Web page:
Like many specialized branches of zoology, arachnology has suffered greatly from a lack of easy access to the basic scientific literature. The problem is particularly acute in the field of systematics, where constant reference to earlier descriptions of taxa is essential.
UMI®'s microfiche collection, Arachnological Library: Key Works in Spider Systematics, represents an affordable solution. It brings together a collection of 61 fundamental publications on spiders, totaling some 31,000 manuscript pages. Many of these works are extremely rare or otherwise unavailable to those without access to the major research centers in Paris, London, New York, or Boston. Till now, this inaccessibility has discouraged many scholars from undertaking arachnological research, not just in systematics but in ecology, physiology, and ethology. The Arachnological Library fills the gap by providing constant and easy access to an enormous volume of published descriptions and illustrations.
The Arachnological Library is divided into four sections, sold individually or as a set.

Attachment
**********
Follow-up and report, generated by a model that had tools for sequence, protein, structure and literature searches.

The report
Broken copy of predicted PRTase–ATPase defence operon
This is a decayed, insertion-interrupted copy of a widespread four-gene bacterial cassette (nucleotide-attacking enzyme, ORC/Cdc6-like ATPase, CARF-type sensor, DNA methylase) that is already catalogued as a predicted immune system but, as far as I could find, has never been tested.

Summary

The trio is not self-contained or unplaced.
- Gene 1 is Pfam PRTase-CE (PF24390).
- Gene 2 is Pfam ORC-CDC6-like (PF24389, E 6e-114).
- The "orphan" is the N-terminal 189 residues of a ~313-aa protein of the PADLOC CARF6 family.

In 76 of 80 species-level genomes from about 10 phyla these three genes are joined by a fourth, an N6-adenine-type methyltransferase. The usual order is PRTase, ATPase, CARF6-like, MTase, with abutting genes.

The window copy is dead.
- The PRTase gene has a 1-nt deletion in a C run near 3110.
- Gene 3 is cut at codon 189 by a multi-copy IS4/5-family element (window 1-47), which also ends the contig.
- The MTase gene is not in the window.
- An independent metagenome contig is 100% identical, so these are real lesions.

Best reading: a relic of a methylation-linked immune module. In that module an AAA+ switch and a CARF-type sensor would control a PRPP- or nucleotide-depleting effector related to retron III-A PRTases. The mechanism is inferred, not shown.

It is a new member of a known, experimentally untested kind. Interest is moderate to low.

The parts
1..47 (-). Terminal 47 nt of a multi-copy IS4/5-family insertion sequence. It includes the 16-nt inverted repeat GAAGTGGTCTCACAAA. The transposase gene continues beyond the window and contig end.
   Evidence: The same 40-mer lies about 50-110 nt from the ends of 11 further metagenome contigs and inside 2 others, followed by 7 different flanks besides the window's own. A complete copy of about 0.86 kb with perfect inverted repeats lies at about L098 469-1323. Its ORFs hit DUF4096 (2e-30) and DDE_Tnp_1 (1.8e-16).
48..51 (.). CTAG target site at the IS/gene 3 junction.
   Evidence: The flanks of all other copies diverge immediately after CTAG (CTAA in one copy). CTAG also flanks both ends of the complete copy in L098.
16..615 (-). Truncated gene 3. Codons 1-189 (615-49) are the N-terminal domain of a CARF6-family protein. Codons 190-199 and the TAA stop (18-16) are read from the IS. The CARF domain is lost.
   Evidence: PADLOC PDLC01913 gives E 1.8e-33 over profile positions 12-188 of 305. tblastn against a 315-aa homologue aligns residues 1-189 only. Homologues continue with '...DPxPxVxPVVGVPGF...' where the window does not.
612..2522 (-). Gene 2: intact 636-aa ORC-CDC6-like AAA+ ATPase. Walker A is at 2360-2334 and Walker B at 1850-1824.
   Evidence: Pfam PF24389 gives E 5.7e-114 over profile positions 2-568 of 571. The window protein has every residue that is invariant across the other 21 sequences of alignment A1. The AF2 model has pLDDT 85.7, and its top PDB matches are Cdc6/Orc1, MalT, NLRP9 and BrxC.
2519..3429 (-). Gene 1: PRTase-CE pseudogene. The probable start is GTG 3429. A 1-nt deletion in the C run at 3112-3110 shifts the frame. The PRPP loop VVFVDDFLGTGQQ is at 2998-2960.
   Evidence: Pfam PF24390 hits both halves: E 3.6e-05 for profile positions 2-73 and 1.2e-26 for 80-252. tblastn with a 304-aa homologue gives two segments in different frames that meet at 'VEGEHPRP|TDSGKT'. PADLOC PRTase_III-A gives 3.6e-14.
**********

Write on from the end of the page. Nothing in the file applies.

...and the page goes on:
Section A, Early Classical Works This section includes "the single most important work in spider systematics," Simon's Histoire Naturelle des Araignees (second edition, 1892-1897). This massive work (nearly 3,000 manuscript pages in the original) describes all the then-known spider families and genera. Other early European titles include landmark works by Blackwall, Picard-Cambridge, Becker, Bosenberg, Dahl, Menge, Thorell, and Herman, as well as more general works by Reimoser and Petrunkevitch. (74 microfiche total) Section B, European & General Studies Section B includes Linnaeus' Systema Naturae (tenth edition, 1758) and Clerck's Aranei Suecici (1757), which form the starting point of European spider nomenclature. Also included is Koch and Hahn's 3,000-page monograph, Die Arachniden, and works by Fabricius, Audouin, Latreille, Walckenaer, Wider, Lister, Martyn, and Sundevall. (178 microfiche total) Section C, New World Studies In Section C are Picard-Cambridge's contributions to the great Biologia Centrali-Americana series, McCook's American Spiders and Their Spinning Work, together with contributions from Hentz, Nicolet, the Peckhams, and Petrunkevitch. (75 microfiche total) Section D, Indian, Australian & Far Eastern Works Section D includes Thorell's Ragni Malesi e Papuani, together with the extremely rare Malaysian Spiders by Workman, which provides important illustrations of the species described by Thorell. Also included are Bosenberg and Strand's Japanische Spinnen, Pocock's Fauna of British India, and Keyserling's Die Arachniden Australiens, with other works by Thorell and Vinson. (68 microfiche total)